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"When people ask us what our influences are, we always say, 'Each other.'" — Bono

U2 and 360 degrees of entertainment

- October 15, 2009

by Joey Guerra

Three songs into an epic, grandly entertaining set, Bono summed up his --and U2's -- enduring connection with fans with a succinct lyric.

"I was born, I was born to sing for you," he proclaimed during Magnificent.

Bono and, by extension, U2, have taken their celebrity status far beyond record sales and chart positions. But Wednesday night inside an enthralled, open-roof Reliant Stadium, U2 showcased what first made the band iconic: music.

After a lengthy buildup and a curiously subdued entrance, kickoff tune Breathe segued directly into the clanky Get On Your Boots. The two-hour-plus set then shimmed quickly into Mysterious Ways, which blossomed into early standout Beautiful Day.

"We feel right at home here in Houston. Home of space stations," Bono said after inviting a giddy female fan onstage to dance.

He was referencing the band's mammoth, sci-fi stage. Depending on your viewpoint, it looked like a video-game controller, the underside of a spider or a moonwalk. Lights whizzed over the crowd. Disco balls swirled. Bridges floated above fans on the floor.

The band also spent Tuesday fiddling around in Mission Control at Johnson Space Center and chatting with astronauts.

"Houston, we have no problem," Bono said.

But for so much over-the-top spectacle, what came into sharpest focus was U2 and its bulletproof canon of songs. Bono has tempered his rock-star stylings with real charm, and there's no sound, or sight, quite like the Edge on guitar. Every song was given equal billing, every moment felt brisk and bright. It was a perfectly balanced dynamic of economy and extravagance.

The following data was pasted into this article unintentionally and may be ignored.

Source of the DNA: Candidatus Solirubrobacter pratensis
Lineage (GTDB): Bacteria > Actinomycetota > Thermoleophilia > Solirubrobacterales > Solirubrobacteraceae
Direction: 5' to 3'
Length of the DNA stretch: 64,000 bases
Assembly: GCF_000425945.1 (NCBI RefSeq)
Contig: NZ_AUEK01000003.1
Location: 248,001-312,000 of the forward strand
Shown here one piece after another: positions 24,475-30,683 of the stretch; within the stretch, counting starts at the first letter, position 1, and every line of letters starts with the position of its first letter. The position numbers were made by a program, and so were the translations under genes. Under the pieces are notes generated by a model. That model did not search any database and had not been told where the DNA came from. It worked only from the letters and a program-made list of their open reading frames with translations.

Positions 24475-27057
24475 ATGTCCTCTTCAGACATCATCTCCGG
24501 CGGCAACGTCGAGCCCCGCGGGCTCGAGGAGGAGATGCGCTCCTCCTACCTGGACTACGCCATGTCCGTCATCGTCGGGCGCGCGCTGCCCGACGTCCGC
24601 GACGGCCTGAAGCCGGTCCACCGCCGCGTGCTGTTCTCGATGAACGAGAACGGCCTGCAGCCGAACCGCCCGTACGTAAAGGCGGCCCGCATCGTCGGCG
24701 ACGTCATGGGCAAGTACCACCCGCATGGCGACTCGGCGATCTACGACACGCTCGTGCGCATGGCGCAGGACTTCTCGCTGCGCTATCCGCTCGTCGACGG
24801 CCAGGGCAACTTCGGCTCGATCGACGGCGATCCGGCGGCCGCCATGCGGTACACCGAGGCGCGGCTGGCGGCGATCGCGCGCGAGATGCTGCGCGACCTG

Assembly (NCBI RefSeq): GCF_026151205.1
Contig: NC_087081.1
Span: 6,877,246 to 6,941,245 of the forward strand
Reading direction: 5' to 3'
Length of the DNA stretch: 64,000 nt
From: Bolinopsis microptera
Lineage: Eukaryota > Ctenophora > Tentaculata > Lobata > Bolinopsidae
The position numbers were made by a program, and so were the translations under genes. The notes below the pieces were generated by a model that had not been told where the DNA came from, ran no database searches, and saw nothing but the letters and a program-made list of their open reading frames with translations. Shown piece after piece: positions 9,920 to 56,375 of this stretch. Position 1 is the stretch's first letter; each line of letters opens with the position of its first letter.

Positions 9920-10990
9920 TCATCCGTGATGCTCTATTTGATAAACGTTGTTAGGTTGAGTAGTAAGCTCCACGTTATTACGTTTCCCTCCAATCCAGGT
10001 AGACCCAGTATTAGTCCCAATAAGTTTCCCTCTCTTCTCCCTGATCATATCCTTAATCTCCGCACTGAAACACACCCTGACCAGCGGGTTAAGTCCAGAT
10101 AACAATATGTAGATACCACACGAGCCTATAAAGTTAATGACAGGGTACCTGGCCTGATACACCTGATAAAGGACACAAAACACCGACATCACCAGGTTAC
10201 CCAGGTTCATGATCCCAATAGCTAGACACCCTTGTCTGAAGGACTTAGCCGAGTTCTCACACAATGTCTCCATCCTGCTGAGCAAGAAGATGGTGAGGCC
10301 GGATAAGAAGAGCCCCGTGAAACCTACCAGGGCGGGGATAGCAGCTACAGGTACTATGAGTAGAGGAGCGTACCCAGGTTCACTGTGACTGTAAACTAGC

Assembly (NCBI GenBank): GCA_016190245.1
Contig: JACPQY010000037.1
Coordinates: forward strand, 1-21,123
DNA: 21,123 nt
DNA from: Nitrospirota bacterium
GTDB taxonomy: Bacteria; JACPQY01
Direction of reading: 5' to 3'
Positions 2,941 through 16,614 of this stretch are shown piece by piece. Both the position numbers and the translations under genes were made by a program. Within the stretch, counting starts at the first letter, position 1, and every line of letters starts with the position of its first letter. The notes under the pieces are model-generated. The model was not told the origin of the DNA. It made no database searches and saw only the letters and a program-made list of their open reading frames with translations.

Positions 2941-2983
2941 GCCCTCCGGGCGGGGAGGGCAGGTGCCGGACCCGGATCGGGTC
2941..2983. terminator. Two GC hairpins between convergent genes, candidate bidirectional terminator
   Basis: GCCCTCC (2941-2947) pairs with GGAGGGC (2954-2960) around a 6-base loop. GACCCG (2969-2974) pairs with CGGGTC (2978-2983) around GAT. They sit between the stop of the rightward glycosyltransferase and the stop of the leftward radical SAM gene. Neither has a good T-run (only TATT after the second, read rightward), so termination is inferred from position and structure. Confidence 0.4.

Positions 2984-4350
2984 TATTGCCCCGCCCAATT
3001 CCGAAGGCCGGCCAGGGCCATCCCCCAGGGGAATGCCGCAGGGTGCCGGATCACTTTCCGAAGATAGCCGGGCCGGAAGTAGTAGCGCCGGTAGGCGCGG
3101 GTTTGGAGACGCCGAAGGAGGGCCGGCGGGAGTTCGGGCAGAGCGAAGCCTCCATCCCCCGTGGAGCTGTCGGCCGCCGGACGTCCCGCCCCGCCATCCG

By the time U2 launched into I Still Haven't Found What I'm Looking For, the crowd was in full sing-along mode.

There were quick snippets of Stand By Me, Thank You (Falettinme Be Mice Elf Agin) and Amazing Grace weaved into songs. Vertigo and Elevation were confident and thunderous. I'll Go Crazy If I Don't Go Crazy Tonight was recast in a pulsing house remix. Hard-charging drums from Larry Mullen, Jr. and searing guitar work marked Sunday Bloody Sunday.

It's not a U2 show without politics, and the most overt moment came during Walk On. Bono dedicated the song to pro-democracy leader Aung San Suu Kyi, who is under house arrest in Burma and has spent 14 of the past 20 years in detention. Volunteers from Amnesty International flooded the stage, holding up Suu Kyi masks, which were also distributed to the audience.

Most concerts do well to have one "moment" -- that song or scene that stays with you long after the show. U2 can claim several: the bittersweet sting of One; the anthemic cry of Where The Streets Have No Name; the ballroom swirl of With or Without You (aided by Bono's glowing microphone and LED-lined jacket).

"Texas, to me, is the center of the world right now," Bono said before launching into gorgeous set closer Moment of Surrender.

"I don't want to leave. I don't want to go home."

Muse lack the mass-appeal hooks and grand choruses that mark the best of U2's catalog. But the disheveled outfit still proved a solid opener, dousing fans with moments of epic, theatrical rock. Not magnificent, but still a nice warm-up.

(c) Houston Chronicle, 2009.

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